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Rheinmetall officially opened its new factory in Zalaegerszeg, Hungary, on 18 August 2023. The new plant, which the company says “marks a major milestone for Rheinmetall and underscores the group’s commitment to Hungary”, will in future produce the Lynx infantry fighting vehicle (IFV) for the Hungarian Defence Forces.

Armin Papperger, CEO of Rheinmetall AG, addresses the audience on the opening of Rheinmetall’s new factory in Zalaegerszeg, Hungary, on 18 August 2023. (Photo: Rheinmetall)

The Hungarian Ministry of Defence contracted with Rheinmetall to supply combat vehicles and related services worth over EUR 2 Bn in September 2020. In the first production phase of this deal Hungary will take delivery of 46 Lynx IFVs and command-and-control vehicles as well as nine Büffel/Buffalo 3 armoured recovery vehicles, all made in Germany. In a second phase a further 172 Lynx IFVs and combat support vehicles are to be produced in Hungary, the first of which are to be delivered in 2024. In addition to armoured vehicles, the scope of Rheinmetall’s Hungarian contract also includes ammunition and logistic services, training and simulators, as well as 38 military trucks.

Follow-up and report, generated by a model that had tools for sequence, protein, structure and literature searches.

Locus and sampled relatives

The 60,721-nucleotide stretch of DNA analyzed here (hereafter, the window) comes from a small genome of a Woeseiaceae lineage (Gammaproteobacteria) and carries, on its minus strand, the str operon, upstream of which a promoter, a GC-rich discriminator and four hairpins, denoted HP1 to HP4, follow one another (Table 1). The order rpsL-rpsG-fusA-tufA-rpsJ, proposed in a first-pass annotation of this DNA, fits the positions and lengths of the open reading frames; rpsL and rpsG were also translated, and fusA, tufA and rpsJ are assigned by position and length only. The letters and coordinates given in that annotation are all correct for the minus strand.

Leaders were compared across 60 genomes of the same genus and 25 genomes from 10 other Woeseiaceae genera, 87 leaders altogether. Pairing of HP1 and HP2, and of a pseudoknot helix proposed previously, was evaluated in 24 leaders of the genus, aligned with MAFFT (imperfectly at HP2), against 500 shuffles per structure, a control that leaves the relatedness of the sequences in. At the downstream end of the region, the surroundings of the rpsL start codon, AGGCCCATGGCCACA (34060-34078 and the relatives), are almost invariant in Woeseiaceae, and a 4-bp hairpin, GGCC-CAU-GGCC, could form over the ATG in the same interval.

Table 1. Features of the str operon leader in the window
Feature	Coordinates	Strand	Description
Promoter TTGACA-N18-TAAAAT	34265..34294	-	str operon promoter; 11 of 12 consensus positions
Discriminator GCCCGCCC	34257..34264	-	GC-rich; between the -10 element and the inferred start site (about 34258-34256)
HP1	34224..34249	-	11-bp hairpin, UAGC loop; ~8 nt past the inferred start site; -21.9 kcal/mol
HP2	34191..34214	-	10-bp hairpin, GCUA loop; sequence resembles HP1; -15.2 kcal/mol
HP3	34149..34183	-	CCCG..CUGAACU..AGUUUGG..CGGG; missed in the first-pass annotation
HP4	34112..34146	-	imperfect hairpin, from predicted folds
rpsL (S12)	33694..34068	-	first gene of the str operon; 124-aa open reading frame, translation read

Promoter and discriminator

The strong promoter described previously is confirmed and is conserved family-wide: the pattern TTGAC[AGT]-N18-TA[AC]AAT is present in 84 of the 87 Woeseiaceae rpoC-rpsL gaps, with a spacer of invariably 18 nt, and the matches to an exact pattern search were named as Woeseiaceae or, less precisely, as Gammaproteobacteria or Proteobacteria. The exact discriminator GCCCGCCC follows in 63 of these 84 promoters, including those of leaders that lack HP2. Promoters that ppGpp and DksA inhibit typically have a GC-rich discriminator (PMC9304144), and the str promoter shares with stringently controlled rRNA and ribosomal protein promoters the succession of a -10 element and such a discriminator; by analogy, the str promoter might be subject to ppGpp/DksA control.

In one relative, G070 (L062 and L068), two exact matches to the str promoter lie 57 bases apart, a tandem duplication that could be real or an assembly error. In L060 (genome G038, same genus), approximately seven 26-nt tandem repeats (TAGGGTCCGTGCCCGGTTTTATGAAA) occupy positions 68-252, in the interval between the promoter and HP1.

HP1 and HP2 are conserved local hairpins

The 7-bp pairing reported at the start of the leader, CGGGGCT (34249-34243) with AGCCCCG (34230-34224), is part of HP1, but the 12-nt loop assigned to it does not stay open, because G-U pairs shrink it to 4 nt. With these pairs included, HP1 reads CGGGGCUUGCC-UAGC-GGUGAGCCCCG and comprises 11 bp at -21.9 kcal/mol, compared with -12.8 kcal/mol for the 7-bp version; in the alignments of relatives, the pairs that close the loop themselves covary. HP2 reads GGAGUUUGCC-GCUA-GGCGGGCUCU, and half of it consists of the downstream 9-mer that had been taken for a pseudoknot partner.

“The opening of Rheinmetall’s new factory in Zalaegerszeg is a significant step for our company and a sign of our close ties with the government and armed forces of Hungary: an EU partner and fellow NATO member state”, Armin Papperger, chairman of the executive board of Rheinmetall AG, was quoted as saying in a company press release. “We’re proud to be part of the growing industrial community in Zalaegerszeg and look forward to working with local partners and drawing on local talent. Hundreds of people are working together here in Zalaegerszeg to produce top-notch military systems for the Hungarian armed forces as well as export customers.”

Rheinmetall has stated that it sees Hungary as a home market to be supplied with Hungarian-made products. It is therefore building a new development, production and test centre on a 33-hectar site in Zala County in southwest Hungary.

Under its Zrinyi 2026 initiative Hungary has increased its military spending and expects to reach the NATO-stipulated target of spending 2% of GDP on defence by 2024.

Peter Felstead